POSTED: Tuesday, October 13, 2009 - 7:07am
UPDATED: Thursday, June 3, 2010 - 10:59pm
A lawyer representing four Albany, New York nurses is asking the state Supreme Court to overturn a mandate requiring all health care workers to be immunized against the seasonal flu and swine flu. Right now they risk losing their jobs if they don't roll up their sleeves by the end of November.
The nurses believe their safety is at risk if they get the shots. The state health department counters that public health is at risk if they don't. "We're being coerced to consent to receiving this vaccine that as educated health care professionals we don't believe in," nurse Lorna Patterson said.
This year every health and emergency worker in New York is required to get the immunizations. Many question the efficacy of the shots. Some also question its safety. "We know as nurses that every medication and substance has a risk of side effects and adverse reactions and we don't know what the risks and adverse reactions are with these vaccines," Patterson said.
The state Department of Health defended its stance Monday, stating the commissioner has "clear legal authority to promulgate the mandatory influenza vaccination regulation to protect the public health." "We're going to lose our jobs. We're going to lose our jobs if we don't get this vaccine," nurse Kathryn Dupuis said.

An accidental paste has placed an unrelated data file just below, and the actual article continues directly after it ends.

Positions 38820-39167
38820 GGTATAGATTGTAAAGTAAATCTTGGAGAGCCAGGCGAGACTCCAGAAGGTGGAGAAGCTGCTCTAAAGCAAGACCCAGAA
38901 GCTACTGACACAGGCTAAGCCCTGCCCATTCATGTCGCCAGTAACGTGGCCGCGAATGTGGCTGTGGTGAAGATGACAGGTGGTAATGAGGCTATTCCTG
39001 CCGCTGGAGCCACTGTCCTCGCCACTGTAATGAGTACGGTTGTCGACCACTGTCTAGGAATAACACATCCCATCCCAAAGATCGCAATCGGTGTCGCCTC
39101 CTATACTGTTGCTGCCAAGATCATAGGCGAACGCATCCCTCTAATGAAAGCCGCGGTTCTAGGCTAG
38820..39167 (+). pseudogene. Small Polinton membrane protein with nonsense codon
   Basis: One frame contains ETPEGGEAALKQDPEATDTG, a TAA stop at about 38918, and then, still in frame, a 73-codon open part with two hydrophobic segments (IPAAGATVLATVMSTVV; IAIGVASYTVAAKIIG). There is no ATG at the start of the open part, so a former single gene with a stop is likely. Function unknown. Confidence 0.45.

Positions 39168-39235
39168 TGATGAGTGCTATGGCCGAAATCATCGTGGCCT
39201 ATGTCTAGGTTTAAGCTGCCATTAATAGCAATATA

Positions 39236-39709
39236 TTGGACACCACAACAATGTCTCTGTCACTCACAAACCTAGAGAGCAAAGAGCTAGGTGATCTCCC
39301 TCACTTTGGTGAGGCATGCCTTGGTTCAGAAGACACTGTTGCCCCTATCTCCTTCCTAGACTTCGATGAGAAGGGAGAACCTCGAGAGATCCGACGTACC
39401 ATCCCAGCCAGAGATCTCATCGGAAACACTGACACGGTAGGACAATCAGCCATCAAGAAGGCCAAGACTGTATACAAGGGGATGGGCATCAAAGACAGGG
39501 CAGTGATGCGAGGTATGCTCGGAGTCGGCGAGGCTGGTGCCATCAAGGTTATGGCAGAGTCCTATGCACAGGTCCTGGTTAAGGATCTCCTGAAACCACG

The nurses and their lawyer, attorney Terry Kindlon, believe the civil rights of thousands of health care workers will be violated if the mandate isn't overturned. "Everything is done by way of stampede," Kindlon said. "We have to invade Iraq or New York will be ruined. We have to give billions to the banking industry or the economy will collapse. We have to give these shots or everyone will die."
The federal government recommends, but does not mandate, that health care and emergency workers receive the H1N1 vaccine. The Centers for Disease Control also suggests the immunization for pregnant women, adults who care for children less than 6 months old and young people aged 6 months to 24 years. Older than that, the CDC only recommends the vaccine if you have a pre-existing health condition.